How do you become an NGO professional?


There isn’t one path to becoming an NGO professional. You will need at least a bachelor’s degree for most NGO jobs, though many prefer (or require) master’s degrees or even doctorates. The best degree depends on what kind of NGO work you want to do. As an example, if you want to work in project management, a degree in business administration works well. If you want to work in law, you’ll need a law degree. Take the NGO or nonprofit-specific classes offered within your specialty.

Work experience

NGOs prioritize candidates with work experience. That includes paid work, internships and volunteering, and fellowships. These experiences give you a close look at how NGOs operate, what keeps them successful and sustainable, and what your skills are. When hiring for jobs, NGOs want to know candidates have at least a general idea of what to expect. They also look for track records demonstrating skills like leadership, communication, and problem-solving. NGO jobs are competitive, so if you can’t find a job early on, remember that most NGOs need volunteers. While you aren’t guaranteed a job based on volunteer work, it helps.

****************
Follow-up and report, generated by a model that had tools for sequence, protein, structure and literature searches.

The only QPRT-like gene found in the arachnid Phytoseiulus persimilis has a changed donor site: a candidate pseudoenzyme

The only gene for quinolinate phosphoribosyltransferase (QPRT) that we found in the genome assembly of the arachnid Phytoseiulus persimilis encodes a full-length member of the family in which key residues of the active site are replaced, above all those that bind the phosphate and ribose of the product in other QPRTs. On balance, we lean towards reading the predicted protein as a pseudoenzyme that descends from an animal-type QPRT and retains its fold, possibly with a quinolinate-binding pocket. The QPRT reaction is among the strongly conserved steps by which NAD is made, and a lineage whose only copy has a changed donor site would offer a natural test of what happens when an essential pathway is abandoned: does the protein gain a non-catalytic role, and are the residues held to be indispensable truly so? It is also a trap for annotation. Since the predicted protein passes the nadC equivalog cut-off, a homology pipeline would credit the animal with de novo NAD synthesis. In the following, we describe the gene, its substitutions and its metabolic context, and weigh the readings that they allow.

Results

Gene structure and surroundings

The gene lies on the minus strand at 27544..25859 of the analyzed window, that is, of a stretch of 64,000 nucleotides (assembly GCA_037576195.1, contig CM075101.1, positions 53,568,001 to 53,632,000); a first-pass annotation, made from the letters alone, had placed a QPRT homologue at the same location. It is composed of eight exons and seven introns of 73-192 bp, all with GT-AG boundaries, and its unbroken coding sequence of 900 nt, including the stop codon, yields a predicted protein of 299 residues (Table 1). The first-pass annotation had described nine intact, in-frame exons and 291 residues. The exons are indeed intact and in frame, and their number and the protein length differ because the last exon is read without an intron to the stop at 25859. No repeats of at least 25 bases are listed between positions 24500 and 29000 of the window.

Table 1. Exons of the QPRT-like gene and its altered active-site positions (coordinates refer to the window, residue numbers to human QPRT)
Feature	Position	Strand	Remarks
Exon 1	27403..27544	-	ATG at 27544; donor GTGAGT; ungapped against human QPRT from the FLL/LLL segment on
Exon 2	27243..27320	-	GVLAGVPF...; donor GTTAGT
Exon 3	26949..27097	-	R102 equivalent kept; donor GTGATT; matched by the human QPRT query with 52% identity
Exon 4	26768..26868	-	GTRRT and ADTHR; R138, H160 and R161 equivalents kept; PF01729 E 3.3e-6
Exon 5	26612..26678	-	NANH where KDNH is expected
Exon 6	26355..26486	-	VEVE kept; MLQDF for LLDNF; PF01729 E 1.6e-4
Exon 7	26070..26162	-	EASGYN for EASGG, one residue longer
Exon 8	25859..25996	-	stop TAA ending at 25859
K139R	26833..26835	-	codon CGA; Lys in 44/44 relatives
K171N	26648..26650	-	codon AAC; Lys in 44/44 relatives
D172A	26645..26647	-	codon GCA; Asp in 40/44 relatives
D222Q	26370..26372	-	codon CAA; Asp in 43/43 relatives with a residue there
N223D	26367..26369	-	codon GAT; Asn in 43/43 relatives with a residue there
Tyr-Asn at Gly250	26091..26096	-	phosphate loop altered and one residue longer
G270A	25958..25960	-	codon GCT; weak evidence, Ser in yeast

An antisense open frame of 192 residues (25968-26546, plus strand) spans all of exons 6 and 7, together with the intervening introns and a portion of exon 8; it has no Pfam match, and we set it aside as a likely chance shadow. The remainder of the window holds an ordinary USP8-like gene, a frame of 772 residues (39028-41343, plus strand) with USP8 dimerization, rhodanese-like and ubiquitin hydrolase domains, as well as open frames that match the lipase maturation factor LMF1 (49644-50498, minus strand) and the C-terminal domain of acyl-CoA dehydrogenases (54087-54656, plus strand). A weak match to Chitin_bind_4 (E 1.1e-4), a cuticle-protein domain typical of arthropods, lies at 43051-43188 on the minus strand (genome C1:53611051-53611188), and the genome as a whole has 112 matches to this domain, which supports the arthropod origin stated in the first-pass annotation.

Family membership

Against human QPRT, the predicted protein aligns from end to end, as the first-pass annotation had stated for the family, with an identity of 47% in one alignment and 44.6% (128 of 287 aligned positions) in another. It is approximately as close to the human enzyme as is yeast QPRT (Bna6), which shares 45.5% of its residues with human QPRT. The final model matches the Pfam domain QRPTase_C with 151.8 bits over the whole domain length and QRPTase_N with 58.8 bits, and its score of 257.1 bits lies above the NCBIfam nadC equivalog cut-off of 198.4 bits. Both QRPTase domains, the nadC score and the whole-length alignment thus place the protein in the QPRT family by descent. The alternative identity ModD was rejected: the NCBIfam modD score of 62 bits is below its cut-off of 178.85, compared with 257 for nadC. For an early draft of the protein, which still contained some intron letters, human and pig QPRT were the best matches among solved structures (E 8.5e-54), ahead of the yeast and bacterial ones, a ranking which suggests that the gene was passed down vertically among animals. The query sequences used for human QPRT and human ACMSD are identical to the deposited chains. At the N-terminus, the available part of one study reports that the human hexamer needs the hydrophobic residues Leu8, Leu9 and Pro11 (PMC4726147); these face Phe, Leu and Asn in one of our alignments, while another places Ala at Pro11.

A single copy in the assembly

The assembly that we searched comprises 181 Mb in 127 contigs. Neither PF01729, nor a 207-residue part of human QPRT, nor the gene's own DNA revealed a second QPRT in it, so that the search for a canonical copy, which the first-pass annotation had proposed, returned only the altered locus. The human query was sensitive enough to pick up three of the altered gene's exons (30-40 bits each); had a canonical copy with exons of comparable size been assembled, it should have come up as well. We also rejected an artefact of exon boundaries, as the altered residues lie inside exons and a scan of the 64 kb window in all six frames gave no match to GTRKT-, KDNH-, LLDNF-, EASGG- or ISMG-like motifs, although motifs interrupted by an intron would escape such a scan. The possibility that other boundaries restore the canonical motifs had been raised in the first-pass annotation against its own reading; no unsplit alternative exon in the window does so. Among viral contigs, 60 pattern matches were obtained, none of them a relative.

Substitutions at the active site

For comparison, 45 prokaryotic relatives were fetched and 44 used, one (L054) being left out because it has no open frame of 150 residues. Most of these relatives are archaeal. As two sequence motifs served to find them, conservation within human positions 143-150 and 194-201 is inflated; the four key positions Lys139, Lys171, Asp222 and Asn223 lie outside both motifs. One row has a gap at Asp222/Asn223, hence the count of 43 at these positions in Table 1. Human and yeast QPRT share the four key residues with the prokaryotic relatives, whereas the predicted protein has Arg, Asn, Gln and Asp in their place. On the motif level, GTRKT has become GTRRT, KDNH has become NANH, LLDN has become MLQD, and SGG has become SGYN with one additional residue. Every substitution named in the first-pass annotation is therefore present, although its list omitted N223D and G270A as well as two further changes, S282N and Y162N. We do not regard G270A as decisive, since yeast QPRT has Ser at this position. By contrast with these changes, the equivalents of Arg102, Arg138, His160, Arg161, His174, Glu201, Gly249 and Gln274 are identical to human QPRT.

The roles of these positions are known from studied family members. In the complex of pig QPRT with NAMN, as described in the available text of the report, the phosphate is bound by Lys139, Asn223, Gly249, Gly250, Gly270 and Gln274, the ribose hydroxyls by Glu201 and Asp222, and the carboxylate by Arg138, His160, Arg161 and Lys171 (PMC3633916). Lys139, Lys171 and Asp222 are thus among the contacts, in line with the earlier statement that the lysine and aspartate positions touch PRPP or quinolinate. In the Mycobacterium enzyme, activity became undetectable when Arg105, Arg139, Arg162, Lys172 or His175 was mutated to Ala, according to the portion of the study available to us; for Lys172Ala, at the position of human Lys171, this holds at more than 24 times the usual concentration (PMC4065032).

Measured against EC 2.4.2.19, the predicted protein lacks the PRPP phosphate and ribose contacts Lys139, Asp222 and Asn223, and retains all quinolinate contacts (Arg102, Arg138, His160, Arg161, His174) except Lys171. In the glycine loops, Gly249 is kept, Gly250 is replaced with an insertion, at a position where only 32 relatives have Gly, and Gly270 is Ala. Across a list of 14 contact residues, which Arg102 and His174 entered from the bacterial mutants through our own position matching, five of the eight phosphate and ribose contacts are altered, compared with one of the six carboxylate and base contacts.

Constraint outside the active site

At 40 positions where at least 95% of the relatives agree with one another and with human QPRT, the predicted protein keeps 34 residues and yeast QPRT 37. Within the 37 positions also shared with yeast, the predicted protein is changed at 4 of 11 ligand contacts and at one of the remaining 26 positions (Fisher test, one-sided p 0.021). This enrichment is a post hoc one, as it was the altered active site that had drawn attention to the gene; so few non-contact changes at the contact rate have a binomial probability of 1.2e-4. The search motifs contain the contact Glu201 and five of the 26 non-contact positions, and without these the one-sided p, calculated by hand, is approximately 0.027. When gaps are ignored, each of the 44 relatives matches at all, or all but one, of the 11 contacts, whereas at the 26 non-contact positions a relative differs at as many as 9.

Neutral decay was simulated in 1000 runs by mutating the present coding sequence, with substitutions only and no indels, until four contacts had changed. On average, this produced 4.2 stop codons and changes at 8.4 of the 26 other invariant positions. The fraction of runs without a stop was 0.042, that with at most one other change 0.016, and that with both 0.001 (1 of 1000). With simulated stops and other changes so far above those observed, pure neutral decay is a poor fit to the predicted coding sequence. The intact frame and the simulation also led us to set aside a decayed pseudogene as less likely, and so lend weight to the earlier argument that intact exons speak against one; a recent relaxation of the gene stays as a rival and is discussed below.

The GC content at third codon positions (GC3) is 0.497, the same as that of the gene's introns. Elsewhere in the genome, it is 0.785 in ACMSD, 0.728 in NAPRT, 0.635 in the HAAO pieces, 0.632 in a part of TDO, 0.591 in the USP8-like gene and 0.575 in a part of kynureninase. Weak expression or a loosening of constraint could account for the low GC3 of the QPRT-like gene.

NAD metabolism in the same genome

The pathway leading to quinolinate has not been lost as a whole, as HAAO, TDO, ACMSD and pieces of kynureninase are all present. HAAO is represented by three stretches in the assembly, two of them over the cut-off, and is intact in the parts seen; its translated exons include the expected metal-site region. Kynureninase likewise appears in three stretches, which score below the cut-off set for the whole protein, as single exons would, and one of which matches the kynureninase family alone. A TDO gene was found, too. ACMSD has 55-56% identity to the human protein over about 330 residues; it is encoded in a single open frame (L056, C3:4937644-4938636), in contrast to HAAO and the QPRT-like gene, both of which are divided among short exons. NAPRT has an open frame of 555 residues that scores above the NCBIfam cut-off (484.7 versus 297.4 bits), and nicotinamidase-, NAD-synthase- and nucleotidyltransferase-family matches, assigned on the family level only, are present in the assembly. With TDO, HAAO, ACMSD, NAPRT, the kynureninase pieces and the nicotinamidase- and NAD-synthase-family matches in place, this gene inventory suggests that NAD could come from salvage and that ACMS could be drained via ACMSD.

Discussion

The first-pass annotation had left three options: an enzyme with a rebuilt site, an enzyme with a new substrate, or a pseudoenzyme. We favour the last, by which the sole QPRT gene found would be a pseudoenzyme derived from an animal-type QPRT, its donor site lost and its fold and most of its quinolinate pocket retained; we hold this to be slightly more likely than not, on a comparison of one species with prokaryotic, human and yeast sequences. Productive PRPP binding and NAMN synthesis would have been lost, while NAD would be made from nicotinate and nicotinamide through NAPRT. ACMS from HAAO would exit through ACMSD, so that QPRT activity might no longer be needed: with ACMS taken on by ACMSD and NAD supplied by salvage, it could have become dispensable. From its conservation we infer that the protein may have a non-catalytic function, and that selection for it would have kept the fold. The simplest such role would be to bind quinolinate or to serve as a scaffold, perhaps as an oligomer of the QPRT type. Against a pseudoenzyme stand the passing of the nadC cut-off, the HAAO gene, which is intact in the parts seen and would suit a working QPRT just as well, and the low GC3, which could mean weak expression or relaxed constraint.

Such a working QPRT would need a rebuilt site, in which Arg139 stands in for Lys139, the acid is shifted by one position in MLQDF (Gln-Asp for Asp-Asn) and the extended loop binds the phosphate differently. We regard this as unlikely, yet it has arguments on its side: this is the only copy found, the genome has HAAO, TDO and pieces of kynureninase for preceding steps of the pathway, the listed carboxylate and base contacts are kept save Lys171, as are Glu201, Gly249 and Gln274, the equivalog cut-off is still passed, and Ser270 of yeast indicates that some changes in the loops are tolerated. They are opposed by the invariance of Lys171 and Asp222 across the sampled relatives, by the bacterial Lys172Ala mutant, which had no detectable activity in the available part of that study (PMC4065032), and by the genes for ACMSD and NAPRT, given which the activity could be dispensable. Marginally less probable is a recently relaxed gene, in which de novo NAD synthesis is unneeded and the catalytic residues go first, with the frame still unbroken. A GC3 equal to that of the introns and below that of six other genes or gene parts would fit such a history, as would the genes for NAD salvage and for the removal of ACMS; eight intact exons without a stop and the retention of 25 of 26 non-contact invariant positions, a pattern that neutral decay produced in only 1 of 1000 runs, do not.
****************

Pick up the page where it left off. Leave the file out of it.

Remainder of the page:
How much do NGO professionals get paid?

There’s a wide range of salaries for NGO professionals. According to ZipRecruiter, the range for an international NGO in the United States is $18,000 – $128,000. The average is $57,273 a year. What you can expect to earn depends on the specific job, your experience level, your location, and the size of the NGO. While NGO work typically won’t pay as much as the corporate or for-profit sector, you can make a decent living.

About the author

Emmaline Soken-Huberty

Emmaline Soken-Huberty is a freelance writer based in Portland, Oregon. She started to become interested in human rights while attending college, eventually getting a concentration in human rights and humanitarianism. LGBTQ+ rights, women’s rights, and climate change are of special concern to her. In her spare time, she can be found reading or enjoying Oregon’s natural beauty with her husband and dog.